A silly classic from Catholic-Pages.com:
666: No. of the Beast
OK, you know that 666 is the Number of the Beast, but did you know that:
||Approximate number of the Beast
||Roman numeral of the Beast
||Number of the High Precision Beast
||Number of the Millibeast
And there are more at http://www.catholic-pages.com/grabbag/666.asp
It has been nearly two weeks since Pope Benedict XVI announced his intentions to resign from the papacy – or in his more precise words, to “renounce” the office.
I think he has been a great pope since his elevation to that role in April 2005.
Personally, I was surprised when I first heard the announcement, but not disturbed by it.
Catholics pray to God. Catholics also pray to the saints. Many non-Catholics claim that it is “unbiblical” to pray to anyone other than God. But a closer look at Scripture reveals that this is not the case. Instead, it is quite “biblical” to pray to others, in addition to praying to God.
Part of the issue is one of language. “To pray” simply means “to ask.” Protestants typically use the word “pray” in a restrictive sense, limiting it to requests made only to God. Catholics sometimes use the word “pray” in a less restrictive sense, allowing its use for requests made to God, but also to other people and to angels. When we pray to God, there is an aspect of worship combined with the asking. When we pray to others, it is merely asking, with no element of worship.
The less-restrictive usage of “pray” is what we find in the Bible, most apparent in the older English translations, like the Protestant King James Version. (The Catholic Douay-Rheims Bible has similar passages, but for this article, I’ll limit citations to the KJV.)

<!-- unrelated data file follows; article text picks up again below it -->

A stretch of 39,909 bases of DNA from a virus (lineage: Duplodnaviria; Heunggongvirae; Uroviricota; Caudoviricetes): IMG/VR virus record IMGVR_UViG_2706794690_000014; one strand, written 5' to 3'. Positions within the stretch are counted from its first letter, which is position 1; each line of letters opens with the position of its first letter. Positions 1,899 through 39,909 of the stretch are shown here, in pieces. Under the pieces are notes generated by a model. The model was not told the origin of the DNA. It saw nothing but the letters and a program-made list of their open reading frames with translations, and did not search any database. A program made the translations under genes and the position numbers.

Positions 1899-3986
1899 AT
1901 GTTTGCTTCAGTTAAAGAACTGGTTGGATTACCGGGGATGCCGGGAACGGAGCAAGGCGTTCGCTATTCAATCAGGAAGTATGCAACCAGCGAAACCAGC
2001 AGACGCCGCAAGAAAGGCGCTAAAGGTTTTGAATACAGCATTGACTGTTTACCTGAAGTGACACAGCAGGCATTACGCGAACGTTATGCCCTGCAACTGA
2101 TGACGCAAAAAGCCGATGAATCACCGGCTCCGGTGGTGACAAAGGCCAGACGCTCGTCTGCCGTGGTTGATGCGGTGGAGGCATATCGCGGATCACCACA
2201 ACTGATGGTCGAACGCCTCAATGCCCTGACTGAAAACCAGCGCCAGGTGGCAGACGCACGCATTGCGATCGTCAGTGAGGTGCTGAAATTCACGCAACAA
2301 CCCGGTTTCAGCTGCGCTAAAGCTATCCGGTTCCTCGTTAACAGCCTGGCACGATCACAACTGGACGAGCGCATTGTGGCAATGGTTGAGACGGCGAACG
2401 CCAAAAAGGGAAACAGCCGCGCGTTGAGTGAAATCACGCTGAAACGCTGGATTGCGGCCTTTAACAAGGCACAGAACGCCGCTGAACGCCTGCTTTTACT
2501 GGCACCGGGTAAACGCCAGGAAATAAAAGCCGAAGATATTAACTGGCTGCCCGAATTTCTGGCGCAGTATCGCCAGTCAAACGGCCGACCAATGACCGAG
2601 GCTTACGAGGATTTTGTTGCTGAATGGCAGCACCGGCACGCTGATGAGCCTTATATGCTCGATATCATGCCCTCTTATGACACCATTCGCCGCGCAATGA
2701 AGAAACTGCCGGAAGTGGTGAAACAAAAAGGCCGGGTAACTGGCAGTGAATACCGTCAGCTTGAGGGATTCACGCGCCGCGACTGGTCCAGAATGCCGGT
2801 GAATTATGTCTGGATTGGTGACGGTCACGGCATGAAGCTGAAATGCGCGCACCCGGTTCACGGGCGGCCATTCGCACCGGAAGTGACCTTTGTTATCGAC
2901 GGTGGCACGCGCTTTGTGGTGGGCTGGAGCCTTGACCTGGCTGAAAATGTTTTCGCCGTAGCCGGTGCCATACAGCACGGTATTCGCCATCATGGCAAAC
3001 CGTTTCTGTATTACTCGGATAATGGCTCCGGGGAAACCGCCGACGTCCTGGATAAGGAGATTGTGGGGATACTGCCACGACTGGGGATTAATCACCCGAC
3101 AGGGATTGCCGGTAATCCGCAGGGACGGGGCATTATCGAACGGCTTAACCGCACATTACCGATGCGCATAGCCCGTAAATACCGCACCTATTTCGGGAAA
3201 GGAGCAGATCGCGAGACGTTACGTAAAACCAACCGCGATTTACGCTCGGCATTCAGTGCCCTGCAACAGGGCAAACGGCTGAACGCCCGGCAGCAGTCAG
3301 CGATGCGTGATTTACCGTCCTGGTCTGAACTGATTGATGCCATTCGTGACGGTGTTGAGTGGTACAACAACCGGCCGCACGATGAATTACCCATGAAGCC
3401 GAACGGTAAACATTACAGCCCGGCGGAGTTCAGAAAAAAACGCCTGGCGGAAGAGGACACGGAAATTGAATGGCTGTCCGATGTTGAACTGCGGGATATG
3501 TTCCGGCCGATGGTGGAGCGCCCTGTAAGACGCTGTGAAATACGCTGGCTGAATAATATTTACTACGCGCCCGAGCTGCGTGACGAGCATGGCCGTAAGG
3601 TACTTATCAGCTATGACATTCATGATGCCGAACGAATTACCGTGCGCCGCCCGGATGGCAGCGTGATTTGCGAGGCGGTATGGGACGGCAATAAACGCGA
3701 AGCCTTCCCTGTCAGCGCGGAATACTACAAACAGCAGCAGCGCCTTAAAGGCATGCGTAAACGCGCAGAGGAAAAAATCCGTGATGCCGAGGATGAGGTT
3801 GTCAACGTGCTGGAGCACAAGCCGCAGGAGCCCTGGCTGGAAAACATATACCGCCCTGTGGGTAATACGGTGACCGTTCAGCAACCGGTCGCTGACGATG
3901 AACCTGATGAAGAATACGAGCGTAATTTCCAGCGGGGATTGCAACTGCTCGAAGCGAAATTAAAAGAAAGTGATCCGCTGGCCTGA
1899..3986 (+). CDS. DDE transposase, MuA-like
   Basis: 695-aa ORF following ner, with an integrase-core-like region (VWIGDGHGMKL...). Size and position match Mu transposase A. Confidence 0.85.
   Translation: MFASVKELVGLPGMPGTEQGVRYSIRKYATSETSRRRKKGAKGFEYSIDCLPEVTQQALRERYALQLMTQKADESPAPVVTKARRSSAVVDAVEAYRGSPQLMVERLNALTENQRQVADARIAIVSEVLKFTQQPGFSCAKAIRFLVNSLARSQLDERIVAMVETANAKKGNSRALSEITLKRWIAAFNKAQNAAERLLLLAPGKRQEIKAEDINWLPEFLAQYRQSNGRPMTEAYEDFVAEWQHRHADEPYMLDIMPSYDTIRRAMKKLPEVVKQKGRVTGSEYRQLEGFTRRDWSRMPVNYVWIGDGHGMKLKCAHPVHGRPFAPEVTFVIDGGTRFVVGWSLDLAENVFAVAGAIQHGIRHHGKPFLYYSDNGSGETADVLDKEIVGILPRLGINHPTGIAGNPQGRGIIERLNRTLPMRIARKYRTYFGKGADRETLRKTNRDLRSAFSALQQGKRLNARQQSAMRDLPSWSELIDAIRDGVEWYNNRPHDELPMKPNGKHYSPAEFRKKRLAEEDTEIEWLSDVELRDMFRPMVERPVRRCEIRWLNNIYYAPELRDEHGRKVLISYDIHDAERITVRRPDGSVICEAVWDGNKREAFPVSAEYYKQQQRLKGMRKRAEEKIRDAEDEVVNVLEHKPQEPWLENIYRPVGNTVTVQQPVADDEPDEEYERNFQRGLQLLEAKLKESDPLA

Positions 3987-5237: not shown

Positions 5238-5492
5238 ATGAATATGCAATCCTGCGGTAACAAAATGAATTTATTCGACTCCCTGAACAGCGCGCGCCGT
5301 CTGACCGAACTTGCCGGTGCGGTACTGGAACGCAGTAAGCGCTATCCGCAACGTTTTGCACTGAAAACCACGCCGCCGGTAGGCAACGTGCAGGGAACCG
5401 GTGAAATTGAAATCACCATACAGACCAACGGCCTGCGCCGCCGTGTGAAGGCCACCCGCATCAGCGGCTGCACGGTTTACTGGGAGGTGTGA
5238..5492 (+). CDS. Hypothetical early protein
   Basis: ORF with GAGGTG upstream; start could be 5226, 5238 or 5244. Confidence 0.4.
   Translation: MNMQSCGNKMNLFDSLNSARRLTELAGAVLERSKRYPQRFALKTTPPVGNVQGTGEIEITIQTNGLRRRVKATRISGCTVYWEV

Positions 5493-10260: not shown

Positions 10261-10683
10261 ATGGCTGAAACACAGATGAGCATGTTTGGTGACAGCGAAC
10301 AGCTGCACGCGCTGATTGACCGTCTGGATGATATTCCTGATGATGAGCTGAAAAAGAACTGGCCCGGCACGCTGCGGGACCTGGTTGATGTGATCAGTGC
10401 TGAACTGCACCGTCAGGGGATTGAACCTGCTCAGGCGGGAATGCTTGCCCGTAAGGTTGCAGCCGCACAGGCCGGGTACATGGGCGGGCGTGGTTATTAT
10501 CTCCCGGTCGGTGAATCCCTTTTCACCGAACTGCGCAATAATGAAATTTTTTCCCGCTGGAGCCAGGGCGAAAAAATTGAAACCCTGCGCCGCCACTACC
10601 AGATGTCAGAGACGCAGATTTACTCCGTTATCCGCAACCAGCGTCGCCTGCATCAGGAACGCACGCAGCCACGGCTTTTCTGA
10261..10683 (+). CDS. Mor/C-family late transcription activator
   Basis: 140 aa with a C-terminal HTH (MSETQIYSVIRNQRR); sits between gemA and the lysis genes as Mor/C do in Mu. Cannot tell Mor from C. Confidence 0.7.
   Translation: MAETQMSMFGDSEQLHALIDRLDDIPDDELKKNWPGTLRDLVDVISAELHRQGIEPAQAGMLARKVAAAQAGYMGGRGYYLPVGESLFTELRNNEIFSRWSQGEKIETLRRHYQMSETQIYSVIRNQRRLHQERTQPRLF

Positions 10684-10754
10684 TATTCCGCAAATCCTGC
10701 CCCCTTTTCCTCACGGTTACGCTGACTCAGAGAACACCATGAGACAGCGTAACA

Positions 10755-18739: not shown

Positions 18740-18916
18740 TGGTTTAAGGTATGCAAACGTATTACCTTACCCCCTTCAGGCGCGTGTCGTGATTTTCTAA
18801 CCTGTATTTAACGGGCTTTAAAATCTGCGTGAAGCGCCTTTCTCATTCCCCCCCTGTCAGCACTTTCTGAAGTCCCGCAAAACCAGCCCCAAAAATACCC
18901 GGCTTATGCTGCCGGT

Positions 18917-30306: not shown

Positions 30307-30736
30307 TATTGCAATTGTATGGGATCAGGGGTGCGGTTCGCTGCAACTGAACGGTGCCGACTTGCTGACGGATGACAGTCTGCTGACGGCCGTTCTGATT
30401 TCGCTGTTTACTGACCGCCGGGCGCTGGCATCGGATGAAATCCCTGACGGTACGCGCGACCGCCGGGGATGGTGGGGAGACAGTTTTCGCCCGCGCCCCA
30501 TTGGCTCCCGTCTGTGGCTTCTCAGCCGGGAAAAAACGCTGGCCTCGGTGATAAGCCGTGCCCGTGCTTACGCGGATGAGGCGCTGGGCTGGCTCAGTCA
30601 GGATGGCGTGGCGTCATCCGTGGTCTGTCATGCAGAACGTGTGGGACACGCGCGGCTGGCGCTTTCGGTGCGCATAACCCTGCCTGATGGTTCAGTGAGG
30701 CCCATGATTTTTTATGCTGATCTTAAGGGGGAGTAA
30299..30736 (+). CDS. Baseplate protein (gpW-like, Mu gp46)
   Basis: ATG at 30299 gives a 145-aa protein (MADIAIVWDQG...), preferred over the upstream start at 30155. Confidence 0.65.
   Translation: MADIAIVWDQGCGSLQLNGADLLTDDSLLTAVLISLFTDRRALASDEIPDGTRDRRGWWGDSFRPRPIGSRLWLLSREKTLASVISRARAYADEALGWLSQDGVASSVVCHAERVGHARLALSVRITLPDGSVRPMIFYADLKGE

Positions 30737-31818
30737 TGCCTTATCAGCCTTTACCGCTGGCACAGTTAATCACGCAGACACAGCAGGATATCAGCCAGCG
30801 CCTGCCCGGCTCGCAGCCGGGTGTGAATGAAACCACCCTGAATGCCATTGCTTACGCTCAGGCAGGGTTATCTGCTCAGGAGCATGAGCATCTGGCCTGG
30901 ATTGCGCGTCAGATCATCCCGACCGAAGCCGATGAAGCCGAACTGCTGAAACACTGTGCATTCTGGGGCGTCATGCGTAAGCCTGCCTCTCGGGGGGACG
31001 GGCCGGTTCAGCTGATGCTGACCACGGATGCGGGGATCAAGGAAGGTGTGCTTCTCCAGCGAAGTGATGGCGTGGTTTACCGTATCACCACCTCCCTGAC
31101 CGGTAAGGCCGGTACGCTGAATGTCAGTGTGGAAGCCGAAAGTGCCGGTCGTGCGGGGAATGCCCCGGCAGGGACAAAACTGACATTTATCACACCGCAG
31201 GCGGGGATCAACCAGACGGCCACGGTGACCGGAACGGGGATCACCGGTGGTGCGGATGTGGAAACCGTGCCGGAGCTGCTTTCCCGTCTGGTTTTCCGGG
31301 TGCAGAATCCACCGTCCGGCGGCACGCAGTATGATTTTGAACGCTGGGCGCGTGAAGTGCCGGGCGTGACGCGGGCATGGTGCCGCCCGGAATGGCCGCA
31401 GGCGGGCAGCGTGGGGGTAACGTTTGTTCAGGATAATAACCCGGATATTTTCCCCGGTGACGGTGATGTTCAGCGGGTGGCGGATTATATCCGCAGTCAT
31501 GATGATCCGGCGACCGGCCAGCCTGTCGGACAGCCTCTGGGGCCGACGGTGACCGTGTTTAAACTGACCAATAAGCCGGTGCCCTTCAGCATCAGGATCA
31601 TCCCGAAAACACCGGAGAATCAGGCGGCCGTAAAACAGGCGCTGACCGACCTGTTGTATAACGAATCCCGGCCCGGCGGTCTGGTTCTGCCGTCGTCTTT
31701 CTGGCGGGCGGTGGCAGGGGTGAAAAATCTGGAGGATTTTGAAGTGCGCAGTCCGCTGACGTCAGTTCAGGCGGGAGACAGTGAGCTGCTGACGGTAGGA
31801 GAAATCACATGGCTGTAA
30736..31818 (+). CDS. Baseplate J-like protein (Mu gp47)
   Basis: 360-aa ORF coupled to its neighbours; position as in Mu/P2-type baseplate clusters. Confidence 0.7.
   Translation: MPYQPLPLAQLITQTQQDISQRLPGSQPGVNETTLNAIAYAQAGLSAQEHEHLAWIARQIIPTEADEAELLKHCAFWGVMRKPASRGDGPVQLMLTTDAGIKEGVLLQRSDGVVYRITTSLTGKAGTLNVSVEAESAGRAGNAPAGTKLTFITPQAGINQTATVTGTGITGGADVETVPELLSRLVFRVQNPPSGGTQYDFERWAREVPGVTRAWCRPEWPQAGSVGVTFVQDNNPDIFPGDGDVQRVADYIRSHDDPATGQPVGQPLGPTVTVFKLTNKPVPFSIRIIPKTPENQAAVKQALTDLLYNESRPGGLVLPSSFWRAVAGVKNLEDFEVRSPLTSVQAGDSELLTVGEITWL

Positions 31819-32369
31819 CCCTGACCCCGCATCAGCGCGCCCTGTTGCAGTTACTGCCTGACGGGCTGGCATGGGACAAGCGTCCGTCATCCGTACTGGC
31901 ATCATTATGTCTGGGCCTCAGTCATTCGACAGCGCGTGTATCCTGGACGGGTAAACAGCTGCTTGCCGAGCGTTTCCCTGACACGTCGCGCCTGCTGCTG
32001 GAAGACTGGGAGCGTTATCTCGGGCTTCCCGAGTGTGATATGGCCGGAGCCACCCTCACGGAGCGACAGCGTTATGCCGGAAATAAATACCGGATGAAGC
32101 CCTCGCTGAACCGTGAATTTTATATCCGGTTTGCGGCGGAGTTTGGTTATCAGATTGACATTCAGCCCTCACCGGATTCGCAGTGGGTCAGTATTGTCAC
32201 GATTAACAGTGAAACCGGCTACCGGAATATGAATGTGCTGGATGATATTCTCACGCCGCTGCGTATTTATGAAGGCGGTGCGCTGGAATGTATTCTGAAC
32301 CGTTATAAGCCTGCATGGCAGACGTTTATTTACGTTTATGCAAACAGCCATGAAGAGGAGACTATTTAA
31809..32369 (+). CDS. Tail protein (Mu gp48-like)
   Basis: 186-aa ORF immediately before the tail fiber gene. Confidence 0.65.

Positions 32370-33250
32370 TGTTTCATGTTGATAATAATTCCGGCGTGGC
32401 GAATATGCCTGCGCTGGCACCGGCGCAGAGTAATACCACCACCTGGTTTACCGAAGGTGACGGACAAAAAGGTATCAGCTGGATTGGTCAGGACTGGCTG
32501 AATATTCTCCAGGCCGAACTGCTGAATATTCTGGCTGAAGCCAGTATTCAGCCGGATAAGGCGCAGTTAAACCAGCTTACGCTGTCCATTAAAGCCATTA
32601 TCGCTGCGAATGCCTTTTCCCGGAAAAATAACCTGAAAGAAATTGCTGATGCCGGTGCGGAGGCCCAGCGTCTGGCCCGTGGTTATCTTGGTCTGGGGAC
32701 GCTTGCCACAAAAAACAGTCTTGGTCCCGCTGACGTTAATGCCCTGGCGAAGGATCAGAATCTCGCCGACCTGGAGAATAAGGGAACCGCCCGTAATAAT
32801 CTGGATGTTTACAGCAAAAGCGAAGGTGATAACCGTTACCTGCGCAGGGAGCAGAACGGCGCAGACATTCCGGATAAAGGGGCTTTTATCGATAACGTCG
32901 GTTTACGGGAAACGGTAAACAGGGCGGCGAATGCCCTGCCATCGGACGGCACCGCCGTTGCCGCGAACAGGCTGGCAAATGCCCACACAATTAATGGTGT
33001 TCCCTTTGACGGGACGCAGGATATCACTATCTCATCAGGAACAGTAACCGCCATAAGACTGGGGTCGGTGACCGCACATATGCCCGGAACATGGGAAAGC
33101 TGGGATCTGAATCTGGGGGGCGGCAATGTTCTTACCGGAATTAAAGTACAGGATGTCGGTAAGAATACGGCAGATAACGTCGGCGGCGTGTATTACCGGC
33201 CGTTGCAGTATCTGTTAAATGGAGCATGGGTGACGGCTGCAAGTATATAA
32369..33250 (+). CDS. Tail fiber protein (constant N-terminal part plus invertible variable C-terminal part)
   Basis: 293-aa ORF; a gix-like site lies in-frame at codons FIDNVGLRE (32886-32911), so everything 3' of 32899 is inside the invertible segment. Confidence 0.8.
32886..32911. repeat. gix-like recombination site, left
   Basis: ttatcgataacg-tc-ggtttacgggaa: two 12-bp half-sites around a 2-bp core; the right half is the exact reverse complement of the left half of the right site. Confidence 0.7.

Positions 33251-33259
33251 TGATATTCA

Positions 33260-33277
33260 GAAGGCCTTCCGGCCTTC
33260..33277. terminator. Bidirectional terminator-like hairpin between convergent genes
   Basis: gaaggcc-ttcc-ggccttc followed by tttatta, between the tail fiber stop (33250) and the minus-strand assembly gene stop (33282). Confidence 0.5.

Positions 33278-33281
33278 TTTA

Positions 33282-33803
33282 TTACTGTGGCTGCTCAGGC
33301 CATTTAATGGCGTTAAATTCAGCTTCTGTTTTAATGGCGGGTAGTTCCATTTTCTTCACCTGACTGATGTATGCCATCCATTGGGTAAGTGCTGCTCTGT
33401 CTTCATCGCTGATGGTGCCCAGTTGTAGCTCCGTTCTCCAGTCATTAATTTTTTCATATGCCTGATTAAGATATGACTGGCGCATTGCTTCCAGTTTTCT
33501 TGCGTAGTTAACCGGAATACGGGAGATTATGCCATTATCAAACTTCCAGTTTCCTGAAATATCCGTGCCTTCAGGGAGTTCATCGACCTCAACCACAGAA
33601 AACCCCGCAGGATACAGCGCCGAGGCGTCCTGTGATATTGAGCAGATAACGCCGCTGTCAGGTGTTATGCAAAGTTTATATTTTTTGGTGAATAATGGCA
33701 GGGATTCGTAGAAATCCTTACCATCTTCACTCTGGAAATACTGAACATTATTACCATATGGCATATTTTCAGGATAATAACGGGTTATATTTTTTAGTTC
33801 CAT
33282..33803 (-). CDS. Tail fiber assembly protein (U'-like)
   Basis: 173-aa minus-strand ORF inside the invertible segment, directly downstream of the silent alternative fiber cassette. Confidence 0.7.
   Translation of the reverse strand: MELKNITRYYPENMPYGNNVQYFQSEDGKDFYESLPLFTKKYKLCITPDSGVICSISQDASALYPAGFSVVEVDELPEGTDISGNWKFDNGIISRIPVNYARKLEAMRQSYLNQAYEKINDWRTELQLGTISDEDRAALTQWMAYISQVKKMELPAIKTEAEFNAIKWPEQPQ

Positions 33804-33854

Several verses in the KJV record people praying to God (no surprise there!), but also people praying to other people, people praying to angels, people praying to others asking them to pray to God for them, and even an occurrance of God praying to man. Let’s take a look: Continue reading
It happened in 2005, and it’s happening again this year. With Christmas falling on a Sunday, some — perhaps many — Protestant/Evangelical congregations are canceling their Sunday worship services.
Earlier this week, an opinion piece entitled “Skipping Christmas“ on the Associated Baptist Press’ website addressed this trend. Brett Younger wrote:
The big issue is not that people will skip church on Sunday. The real problem is that churches are failing to tell the truth about Christmas. … On Sunday, Christians would do well to gather, sing, pray and listen to the story. We should celebrate by remembering the first Christmas and giving ourselves again to the one born in Bethlehem.